Knowing some previous questions you’ve had, let me clarify that last point. Jesus did NOT die so we could condemn each other for not being perfect. He died so that we could be free from sin’s slavery, which does not happen magically, but is promised to those that have virtue, knowledge, self-control, perseverance, godliness, brotherly kindness, and love increasing in them because they are diligent (2 Pet. 1:3-11).

          • Philip Barker says:

            Thanks Paul, I cannot disagree with any of that. As always, whenever anyone asks a question (as you did about the two stories) I want to know the answer. I couldn’t answer your question so I threw it back to you, wanting you to answer 1 or 2. That’s how I am; black/white, yes/no, right/wrong. I’m not wired to “find the deeper meaning within” or another way to find an answer. That’s why I condemn myself and others. The reason for this (apart from my hard-wiring, which of course can be re-wired or re-booted) is because I’m trying to do it myself in the shortest possible way and with minimal effort. I am, in fact, powerless. I have not come to the end of myself whereupon I can “receive the Holy Spirit”, without whom I am unable to see the attributes that you listed from 2 Peter increase in measure in my life. Only the Holy Spirit can change a man’s hard-wiring. Right?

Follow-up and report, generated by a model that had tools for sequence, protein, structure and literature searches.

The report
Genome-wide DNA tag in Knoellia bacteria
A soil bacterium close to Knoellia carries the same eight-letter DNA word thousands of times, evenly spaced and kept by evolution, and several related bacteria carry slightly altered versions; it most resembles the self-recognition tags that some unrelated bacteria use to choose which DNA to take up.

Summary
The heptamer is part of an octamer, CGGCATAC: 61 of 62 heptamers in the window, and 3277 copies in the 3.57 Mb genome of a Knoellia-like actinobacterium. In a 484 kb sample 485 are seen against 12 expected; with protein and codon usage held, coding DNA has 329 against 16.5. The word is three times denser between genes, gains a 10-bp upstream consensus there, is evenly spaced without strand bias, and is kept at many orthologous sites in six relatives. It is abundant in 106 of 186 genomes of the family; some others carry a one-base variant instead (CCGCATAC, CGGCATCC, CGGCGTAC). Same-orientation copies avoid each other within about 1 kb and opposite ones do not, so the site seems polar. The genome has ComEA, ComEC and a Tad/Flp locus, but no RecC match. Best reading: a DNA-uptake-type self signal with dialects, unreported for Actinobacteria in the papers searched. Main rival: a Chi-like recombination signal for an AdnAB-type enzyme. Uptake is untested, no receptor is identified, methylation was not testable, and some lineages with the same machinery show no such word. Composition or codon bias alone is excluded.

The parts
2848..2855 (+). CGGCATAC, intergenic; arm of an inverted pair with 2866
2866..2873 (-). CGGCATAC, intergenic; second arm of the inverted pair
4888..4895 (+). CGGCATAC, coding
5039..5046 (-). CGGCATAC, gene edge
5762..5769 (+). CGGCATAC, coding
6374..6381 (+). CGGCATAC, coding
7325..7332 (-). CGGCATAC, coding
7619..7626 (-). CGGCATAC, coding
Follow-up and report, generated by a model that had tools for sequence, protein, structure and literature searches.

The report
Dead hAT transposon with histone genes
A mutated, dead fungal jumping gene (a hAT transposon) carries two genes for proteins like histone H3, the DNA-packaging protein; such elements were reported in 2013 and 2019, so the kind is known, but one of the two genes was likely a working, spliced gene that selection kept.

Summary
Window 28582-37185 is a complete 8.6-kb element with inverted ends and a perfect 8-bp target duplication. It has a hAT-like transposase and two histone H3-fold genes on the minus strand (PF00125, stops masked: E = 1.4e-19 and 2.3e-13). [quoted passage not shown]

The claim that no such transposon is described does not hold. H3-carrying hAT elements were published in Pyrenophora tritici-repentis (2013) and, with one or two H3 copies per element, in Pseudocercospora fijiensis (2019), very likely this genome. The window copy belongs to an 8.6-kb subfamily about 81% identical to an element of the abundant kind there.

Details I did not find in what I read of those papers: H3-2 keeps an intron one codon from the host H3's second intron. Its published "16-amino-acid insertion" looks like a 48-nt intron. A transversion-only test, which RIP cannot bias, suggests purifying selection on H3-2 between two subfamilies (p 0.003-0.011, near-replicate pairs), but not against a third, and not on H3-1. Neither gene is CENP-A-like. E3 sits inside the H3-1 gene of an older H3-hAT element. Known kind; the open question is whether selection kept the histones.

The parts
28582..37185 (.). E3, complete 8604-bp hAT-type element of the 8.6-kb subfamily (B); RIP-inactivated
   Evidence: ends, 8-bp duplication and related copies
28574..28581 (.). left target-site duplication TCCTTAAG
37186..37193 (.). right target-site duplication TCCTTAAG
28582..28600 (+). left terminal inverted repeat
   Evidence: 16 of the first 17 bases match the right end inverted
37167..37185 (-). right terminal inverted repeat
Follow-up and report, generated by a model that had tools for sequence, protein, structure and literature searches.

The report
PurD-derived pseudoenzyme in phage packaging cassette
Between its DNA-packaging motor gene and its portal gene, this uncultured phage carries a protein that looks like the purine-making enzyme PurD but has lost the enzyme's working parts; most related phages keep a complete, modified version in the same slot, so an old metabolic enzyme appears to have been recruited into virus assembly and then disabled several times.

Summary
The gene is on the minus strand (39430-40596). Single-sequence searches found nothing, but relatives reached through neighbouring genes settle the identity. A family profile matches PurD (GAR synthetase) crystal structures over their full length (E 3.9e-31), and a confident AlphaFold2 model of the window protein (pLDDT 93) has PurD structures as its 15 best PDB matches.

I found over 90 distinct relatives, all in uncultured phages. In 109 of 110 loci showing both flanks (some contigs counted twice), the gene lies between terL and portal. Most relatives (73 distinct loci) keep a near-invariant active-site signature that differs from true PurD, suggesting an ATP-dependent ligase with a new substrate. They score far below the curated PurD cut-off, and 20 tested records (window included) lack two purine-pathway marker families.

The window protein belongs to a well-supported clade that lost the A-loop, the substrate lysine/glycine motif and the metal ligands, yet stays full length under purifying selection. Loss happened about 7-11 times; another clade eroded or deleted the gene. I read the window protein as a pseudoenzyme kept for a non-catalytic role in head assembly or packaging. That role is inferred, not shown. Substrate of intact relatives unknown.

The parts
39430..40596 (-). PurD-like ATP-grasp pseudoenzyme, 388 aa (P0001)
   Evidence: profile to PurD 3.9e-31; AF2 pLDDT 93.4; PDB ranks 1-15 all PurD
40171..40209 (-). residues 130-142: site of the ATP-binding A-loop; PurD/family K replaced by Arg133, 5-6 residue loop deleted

• Paul Pavao says: